Open for comments

Well, we just went live …

The new Web site has just gone up, and I’ve broadcast an e-mail to let the world know about that and the birth of this blog.¬†Guess I’ll take the existential step of asking for your comments — about the site, the blog (see “welcome to ‘tipping points’ ” to the right), the book … and, of course, the issue.

Please be polite.

Thanks,

Mark

7 thoughts on “Open for comments

  1. Polite? Welcome to the world of Internet science.

    Looks good. Of course, I tested that by ‘view source’.

    Thanks, and good luck with changing the world, my views on that are already pretty widely known, though, so I won’t repeat them here.

  2. Hansen’s claims for ‘tipping points’ don’t really have any scientific basis and he is certainly a world leader in climate alarmism. He over-estimates climate sensitivity to CO2 and considers that nearly all feedbacks are positive – if this was the case during the history of earth’s climate – we wouldn’t be here now. His PNAS paper claiming that the current climate is the warmest for 12,000 or 1,000,000 years is absurd. He has also had to re-adjust the GISS temperature rankings thanks to an error spotted by Steve McIntyre. Hansen lost the essential ‘objectivity’ required for a scientist to produce meaningful results long ago, which is a great shame considering that he seems to be such a talented scientist.

  3. That the earth’s climate is “tipping” because of a single driver is an insulting claim to make to any scientist. The complexity of the earth’s atmosphere is almost unimaginable, having literally dozens or more parameters that “drive” climate. Of course some will have stronger effects than others, but nowhere have I seen anyone analyze the system from the point of view of sensitivity to every one of the potential drivers. And no where do I read any skepticism about humanity’s influence on global climate, the deal is done. Where are the comparisons of humanity’s effect relative to the natural production of greenhouse gases which dominate? Where are the comparisons with solar output? It is absurd and it scares me that the world’s governments want to make sweeping changes in the face of serious doubt, and uncertain outcome.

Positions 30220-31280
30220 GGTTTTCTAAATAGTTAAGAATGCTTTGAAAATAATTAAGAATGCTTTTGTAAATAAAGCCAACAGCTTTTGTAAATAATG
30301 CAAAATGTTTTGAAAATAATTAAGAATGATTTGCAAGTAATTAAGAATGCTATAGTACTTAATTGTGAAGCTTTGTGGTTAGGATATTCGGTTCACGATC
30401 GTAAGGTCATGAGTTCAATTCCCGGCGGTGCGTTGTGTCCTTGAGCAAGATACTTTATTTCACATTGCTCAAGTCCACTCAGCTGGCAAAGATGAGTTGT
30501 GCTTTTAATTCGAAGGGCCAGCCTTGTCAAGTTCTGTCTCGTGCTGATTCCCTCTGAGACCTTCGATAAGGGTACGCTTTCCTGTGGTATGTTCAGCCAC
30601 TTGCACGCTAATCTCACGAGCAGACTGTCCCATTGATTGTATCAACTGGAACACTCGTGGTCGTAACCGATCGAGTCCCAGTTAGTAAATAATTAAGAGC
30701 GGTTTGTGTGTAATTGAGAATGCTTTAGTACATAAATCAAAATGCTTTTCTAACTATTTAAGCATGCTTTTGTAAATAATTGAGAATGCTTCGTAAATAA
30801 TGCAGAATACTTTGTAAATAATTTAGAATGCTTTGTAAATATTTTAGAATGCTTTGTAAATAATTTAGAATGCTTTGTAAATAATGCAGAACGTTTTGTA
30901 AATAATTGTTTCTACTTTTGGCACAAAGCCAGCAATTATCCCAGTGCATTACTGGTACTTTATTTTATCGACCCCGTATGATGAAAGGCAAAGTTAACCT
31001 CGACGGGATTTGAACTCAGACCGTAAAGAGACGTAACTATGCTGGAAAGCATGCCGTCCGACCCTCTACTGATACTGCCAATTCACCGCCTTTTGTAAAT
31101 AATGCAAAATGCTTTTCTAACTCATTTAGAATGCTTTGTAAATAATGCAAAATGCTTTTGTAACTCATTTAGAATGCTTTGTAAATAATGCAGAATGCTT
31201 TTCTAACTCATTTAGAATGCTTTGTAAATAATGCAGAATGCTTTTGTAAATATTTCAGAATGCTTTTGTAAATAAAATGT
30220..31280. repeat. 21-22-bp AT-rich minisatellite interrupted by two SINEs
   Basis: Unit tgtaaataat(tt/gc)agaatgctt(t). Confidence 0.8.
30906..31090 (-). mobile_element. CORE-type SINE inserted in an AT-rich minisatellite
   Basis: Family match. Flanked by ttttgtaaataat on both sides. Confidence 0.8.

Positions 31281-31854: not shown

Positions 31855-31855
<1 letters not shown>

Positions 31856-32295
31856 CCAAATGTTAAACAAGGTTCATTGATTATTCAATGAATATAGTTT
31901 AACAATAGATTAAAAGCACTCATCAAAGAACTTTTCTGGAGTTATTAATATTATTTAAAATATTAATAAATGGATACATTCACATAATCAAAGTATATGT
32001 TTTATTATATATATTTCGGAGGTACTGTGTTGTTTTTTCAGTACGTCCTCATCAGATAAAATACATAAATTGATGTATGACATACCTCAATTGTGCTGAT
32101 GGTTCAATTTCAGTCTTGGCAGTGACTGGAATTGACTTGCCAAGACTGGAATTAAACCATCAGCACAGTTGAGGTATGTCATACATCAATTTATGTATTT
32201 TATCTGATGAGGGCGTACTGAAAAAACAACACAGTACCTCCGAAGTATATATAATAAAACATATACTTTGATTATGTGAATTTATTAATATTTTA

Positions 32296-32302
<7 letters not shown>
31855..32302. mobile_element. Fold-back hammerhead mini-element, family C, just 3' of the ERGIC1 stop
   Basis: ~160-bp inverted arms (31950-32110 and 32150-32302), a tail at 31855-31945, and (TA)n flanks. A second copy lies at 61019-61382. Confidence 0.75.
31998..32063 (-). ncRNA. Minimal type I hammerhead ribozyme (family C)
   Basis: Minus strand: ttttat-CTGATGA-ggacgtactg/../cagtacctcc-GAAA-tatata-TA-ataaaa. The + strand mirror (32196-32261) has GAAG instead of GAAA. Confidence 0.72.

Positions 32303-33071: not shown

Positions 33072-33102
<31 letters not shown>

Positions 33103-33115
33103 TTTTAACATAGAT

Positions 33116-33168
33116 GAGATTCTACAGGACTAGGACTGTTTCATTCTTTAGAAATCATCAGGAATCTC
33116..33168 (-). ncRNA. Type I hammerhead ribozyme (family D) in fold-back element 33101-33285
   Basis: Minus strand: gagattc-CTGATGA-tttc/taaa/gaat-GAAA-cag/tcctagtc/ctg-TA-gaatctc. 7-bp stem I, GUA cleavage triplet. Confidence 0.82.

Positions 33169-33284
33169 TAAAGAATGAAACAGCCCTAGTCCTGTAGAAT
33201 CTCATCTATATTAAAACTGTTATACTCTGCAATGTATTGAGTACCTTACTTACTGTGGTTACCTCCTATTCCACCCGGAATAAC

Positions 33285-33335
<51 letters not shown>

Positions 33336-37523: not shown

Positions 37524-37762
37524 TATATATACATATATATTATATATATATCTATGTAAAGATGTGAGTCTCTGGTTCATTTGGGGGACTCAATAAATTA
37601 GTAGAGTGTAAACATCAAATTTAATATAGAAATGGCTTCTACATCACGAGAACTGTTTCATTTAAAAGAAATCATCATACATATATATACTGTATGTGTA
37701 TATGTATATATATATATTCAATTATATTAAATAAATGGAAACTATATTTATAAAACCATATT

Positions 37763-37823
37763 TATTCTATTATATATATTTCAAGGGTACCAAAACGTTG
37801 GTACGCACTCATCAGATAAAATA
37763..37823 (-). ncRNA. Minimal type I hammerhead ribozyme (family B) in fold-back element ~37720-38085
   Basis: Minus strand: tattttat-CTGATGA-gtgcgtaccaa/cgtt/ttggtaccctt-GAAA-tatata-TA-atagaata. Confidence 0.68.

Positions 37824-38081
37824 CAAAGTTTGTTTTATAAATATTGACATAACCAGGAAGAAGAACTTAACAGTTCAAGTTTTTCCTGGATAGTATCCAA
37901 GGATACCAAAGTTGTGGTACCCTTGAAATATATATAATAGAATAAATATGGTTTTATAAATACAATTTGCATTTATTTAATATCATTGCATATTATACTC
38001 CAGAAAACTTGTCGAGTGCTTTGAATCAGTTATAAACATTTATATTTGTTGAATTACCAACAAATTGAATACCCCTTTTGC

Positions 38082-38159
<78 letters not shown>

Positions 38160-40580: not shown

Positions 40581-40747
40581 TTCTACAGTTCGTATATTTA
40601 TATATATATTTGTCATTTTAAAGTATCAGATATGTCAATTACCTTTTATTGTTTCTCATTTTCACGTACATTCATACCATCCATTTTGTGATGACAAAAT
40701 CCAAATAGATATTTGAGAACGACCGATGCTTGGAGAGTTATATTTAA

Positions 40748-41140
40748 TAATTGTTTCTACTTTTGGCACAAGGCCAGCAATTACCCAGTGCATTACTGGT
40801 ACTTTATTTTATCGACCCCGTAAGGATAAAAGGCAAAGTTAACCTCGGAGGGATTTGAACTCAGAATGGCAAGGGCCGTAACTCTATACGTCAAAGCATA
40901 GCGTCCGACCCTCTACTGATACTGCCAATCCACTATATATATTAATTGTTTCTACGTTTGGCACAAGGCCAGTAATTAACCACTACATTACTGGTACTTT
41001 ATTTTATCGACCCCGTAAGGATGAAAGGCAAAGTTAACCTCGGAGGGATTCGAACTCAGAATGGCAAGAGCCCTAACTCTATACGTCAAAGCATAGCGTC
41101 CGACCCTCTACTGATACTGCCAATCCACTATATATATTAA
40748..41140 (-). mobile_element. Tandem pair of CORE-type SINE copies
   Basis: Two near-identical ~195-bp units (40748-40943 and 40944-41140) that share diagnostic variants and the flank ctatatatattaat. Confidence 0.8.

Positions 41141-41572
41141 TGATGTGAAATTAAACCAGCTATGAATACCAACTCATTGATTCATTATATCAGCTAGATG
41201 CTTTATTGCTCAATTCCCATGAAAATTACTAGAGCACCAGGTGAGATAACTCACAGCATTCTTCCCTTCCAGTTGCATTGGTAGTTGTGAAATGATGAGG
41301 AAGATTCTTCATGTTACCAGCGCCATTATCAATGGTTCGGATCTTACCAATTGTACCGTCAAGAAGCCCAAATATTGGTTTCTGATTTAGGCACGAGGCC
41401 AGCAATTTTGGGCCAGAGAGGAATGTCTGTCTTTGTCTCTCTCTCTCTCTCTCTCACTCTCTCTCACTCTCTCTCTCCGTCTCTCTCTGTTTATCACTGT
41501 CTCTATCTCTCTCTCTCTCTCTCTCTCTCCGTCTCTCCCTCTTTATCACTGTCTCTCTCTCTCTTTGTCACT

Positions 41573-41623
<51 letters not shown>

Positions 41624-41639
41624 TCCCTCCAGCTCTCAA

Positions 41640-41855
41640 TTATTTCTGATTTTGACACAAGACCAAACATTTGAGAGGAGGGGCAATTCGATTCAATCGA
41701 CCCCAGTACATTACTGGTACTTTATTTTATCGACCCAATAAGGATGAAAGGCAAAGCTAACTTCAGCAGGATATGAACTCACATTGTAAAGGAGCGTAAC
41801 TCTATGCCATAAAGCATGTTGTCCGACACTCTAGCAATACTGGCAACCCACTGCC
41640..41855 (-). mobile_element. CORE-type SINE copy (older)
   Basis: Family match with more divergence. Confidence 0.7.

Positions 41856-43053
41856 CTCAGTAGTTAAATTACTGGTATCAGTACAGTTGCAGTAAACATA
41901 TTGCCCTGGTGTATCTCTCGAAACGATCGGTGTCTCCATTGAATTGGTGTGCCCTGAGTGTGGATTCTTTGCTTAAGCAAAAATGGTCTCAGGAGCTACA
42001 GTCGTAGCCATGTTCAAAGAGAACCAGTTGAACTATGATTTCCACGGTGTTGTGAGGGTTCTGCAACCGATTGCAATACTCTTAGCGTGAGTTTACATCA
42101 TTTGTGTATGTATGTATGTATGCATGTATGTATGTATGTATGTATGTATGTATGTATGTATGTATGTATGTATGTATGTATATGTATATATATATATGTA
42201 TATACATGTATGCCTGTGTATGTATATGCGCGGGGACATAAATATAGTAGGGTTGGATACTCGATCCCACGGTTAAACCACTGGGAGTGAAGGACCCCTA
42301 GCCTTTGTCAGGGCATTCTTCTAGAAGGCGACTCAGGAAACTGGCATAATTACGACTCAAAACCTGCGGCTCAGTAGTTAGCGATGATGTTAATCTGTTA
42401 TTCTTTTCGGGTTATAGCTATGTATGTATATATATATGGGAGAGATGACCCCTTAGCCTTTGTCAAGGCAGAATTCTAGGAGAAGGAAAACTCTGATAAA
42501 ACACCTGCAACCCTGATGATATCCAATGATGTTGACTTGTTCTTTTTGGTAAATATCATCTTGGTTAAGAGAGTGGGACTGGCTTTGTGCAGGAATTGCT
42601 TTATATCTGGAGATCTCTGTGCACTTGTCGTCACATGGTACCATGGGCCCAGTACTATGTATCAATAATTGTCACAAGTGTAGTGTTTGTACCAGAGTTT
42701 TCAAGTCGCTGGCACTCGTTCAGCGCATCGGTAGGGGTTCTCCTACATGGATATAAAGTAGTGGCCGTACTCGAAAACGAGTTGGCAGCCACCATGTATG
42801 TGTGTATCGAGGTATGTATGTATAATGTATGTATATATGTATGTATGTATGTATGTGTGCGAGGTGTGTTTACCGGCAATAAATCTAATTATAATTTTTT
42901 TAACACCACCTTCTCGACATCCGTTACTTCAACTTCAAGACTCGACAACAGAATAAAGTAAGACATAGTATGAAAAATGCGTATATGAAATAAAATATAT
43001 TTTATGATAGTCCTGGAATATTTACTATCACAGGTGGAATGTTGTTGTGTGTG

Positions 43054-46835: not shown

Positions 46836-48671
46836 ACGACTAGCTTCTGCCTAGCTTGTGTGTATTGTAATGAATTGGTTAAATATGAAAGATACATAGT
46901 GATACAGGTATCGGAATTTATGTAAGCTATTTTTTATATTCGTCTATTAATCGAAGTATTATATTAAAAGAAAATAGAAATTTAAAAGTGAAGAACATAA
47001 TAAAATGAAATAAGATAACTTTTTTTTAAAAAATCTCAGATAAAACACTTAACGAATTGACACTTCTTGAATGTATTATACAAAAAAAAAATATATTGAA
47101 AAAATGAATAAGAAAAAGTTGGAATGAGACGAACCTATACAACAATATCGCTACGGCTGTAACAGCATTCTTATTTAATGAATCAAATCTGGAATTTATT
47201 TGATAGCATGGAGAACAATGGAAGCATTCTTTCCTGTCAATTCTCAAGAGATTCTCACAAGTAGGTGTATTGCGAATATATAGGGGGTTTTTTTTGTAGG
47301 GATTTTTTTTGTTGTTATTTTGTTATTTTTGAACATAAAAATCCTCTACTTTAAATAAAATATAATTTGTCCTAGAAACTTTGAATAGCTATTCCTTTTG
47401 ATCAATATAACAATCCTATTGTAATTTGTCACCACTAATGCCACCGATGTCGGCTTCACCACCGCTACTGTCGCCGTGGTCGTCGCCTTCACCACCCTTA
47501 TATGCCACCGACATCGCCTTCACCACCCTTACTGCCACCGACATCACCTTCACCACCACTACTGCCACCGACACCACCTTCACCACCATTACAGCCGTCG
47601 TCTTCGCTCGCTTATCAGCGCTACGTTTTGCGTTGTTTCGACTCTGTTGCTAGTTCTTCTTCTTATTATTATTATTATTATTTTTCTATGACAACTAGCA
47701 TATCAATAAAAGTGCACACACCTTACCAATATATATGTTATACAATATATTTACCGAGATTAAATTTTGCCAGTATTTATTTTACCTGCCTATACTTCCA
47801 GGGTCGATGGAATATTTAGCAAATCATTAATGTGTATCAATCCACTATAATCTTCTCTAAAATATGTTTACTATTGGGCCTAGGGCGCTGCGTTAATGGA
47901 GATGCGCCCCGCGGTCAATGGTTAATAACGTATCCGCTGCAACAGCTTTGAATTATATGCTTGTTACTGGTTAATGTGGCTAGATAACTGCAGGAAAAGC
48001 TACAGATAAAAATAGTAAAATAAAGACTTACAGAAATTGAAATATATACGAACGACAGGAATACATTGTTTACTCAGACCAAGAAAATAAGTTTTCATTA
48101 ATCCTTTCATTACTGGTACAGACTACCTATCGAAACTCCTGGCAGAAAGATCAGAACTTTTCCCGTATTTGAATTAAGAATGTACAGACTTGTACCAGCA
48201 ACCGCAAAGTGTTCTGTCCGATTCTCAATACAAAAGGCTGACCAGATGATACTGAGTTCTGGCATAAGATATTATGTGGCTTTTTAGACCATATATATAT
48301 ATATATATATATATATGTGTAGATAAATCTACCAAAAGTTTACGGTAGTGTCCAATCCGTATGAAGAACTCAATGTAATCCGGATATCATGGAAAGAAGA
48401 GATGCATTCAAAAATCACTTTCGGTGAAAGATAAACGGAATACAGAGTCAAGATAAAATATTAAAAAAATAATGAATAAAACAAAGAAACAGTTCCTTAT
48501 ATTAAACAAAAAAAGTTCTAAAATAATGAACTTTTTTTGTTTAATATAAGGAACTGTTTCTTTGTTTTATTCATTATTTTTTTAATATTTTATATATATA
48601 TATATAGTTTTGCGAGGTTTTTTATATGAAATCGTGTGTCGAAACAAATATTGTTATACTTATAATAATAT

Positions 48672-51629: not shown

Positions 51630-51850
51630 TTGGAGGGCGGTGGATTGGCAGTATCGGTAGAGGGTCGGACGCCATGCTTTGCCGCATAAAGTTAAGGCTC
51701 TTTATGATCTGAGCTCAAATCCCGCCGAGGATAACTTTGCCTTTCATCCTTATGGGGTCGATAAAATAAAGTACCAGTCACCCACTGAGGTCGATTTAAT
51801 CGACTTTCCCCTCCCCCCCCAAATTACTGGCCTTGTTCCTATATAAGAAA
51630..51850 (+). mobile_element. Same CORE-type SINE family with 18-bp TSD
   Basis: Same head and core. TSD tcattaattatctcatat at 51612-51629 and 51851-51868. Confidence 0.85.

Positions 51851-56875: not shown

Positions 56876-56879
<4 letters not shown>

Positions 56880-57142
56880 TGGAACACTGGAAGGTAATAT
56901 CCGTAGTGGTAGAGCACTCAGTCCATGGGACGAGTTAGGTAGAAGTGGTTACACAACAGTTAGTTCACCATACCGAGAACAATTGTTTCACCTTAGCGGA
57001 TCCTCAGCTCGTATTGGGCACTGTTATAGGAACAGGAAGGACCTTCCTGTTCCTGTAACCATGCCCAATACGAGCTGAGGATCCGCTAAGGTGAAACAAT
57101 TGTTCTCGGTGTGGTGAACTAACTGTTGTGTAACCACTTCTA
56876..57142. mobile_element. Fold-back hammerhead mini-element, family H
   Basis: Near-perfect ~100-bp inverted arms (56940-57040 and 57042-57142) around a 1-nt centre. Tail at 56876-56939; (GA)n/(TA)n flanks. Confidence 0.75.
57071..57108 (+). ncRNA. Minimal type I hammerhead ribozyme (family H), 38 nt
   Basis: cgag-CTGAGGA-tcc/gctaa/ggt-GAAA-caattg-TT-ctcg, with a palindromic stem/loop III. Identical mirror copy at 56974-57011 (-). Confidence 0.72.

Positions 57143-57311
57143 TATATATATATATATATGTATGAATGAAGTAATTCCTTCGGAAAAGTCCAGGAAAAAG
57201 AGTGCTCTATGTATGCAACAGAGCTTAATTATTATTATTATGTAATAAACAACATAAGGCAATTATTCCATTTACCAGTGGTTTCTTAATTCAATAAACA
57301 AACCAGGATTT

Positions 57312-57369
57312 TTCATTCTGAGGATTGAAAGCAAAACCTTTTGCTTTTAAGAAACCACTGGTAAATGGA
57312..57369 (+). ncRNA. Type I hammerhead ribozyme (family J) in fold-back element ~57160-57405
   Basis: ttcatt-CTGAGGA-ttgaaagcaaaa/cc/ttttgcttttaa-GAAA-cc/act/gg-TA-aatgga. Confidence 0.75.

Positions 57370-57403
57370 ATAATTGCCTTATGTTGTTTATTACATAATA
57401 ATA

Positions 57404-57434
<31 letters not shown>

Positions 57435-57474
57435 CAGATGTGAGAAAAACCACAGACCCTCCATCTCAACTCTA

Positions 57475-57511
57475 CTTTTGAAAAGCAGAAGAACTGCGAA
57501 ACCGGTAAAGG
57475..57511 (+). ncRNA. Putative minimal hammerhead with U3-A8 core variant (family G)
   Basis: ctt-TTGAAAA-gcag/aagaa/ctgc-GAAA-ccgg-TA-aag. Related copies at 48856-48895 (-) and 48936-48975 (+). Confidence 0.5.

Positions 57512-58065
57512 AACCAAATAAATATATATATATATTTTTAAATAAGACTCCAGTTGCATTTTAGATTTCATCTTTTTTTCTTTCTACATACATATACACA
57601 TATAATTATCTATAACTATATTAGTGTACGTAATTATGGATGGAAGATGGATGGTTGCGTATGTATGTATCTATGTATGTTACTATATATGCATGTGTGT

4. Will be regular reader of your blog. Good to have you online this way. Wonder if ever you have space or time, if you might blog on my “wild and crazy” concept of “polar cities” for survivors of global warming in year 2500 or so? There is good news story about them here, both pro and con. Do you think it might come to that, and should we start ”planning” them now?

    http://www.ipsnews.net/news.asp?idnews=40663

  5. Welcome to the blogosphere.
    I can see already that your new pages will give voice to the controversy!
    I’m looking forward to Terry Gross’ interview this afternoon.
    Atkinsopht

  6. I picked up your first book ‘Thin Ice’ two weeks ago at the library noticing it in a display with a climate theme. I was interested in tips on mountaineering I might get from the climbing on equatorial mountain glaciers by Lonnie Thompson’s group and the climate topics. The climate science with the ice cores was very interesting and the stories and people they met on their trips to the mountains that were climbed. Then I saw your second book, ‘Censoring Science’ just came out, which I just finished today. I was aware to some degree from news reports about NASA, global warming and the issues with the new moon/mars program, but no way close to the details of censorship in your book from Dr. Hansen’s and other NASA employee’s perspective. Also, the climate science, and proving process in the scientific community, was more detained than other books I have read. One part of the solution is electric cars with solar/wind charging, or if you get hydroelectric, nuclear, or wind grid charging. The Think electric cars just started production again in Norway recently and should be available in the UK in the comming year or so. In the US Telsa has a sport electric car that is taking orders and should be supplying soon. Think cars used to be in the US until their provisional status ended and many if not all were destroyed! Hopefully we can get them approved permanently soon.

  7. I look forward to your biography of Trofim Lysenko and the terrible struggle he had establishing his genetic theory when faced with the biased opposition of the corrupt Mendelian geneticists.

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